Articles Posted in Supreme Court of Hawaii

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Health insurers do not have a broad, unrestricted right of subrogation against third-party tortfeasors who cause injury to their insureds but, rather, are limited to reimbursement rights established by statute. In this personal injury case, the circuit court ruled that Haw. Rev. Stat. 663-10 and/or Haw. Rev. Stat. 431:13-103(a)(1) abrogated Hawai’i Medical Service Association’s (HMSA) contractual and common law rights in subrogation against a third-party tortfeasors responsible for injury to its insured. The Supreme Court affirmed, holding (1) a health insurer does not have equitable subrogation rights against a third-party tortfeasor in the context of personal injures; (2) a health insurer’s subrogation and reimbursement rights are limited by section 663-10 and section 431-13:103(a)(1); (3) any contractual provision that conflicts with section 663-10 is invalid; and (4) section 663-10 takes precedence over HMSA’s subrogation rights. View "Yukumoto v. Tawarahara" on Justia Law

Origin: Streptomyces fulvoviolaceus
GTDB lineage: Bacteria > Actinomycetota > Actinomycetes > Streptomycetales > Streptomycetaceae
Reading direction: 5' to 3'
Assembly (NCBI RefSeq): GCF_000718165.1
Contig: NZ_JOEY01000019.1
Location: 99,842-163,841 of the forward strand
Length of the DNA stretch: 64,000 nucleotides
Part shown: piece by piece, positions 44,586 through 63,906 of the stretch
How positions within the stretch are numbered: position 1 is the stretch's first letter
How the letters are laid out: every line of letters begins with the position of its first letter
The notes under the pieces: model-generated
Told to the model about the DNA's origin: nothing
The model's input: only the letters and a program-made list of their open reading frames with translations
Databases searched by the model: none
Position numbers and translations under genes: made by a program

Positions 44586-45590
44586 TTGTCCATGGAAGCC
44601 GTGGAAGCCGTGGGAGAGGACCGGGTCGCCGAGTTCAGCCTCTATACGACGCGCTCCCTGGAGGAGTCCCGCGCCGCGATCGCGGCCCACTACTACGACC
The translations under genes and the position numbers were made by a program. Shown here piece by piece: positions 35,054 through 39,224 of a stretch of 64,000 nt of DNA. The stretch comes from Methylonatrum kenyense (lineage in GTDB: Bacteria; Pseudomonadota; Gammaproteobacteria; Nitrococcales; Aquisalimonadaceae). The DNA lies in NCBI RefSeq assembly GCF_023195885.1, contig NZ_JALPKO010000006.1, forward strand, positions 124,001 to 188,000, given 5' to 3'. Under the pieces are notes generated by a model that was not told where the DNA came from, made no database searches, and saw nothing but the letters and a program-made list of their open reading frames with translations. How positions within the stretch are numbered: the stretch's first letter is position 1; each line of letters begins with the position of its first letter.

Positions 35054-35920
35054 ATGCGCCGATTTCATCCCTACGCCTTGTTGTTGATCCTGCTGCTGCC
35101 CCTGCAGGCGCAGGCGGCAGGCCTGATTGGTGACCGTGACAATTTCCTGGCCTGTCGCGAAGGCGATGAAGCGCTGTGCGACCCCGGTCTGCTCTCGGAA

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Plaintiffs - Pacific Radiation Oncology LLC (PRO) and several doctors - sued Queens Medical Center (QMC), which provided radiation oncology therapy services to patients of PRO using equipment and services provided by QMC, after QMC notified Plaintiffs that only physicians employed by QMC could provide professional radiation oncology services at QMC. QMC counterclaimed, alleging that Plaintiffs steered cancer patients away from QMC in violation of unfair competition principles. During litigation, QMC’s law firm publicly filed a list naming 132 patients PRO was alleged to have diverted. The patients were not parties to the underlying lawsuit, but nineteen of them were granted intervenor status. Plaintiffs moved for a temporary restraining order or preliminary injunction to prevent further violations of patient privacy. The magistrate judge found the 132 cancer patients’ confidential medical records to be relevant to the parties’ claims and counterclaims. On appeal, the district court certified questions to the Supreme Court. The Supreme Court answered (1) pursuant to Haw. Const. art. I, 6 the parties cannot use or be compelled to produce confidential patient medical records, even if sufficiently de-identified, in litigation where the patient is not a party; and (2) that provision protects the health information of the patient intervenors to this case. View "Pacific Radiation Oncology, LLC v. Queen’s Med. Ctr." on Justia Law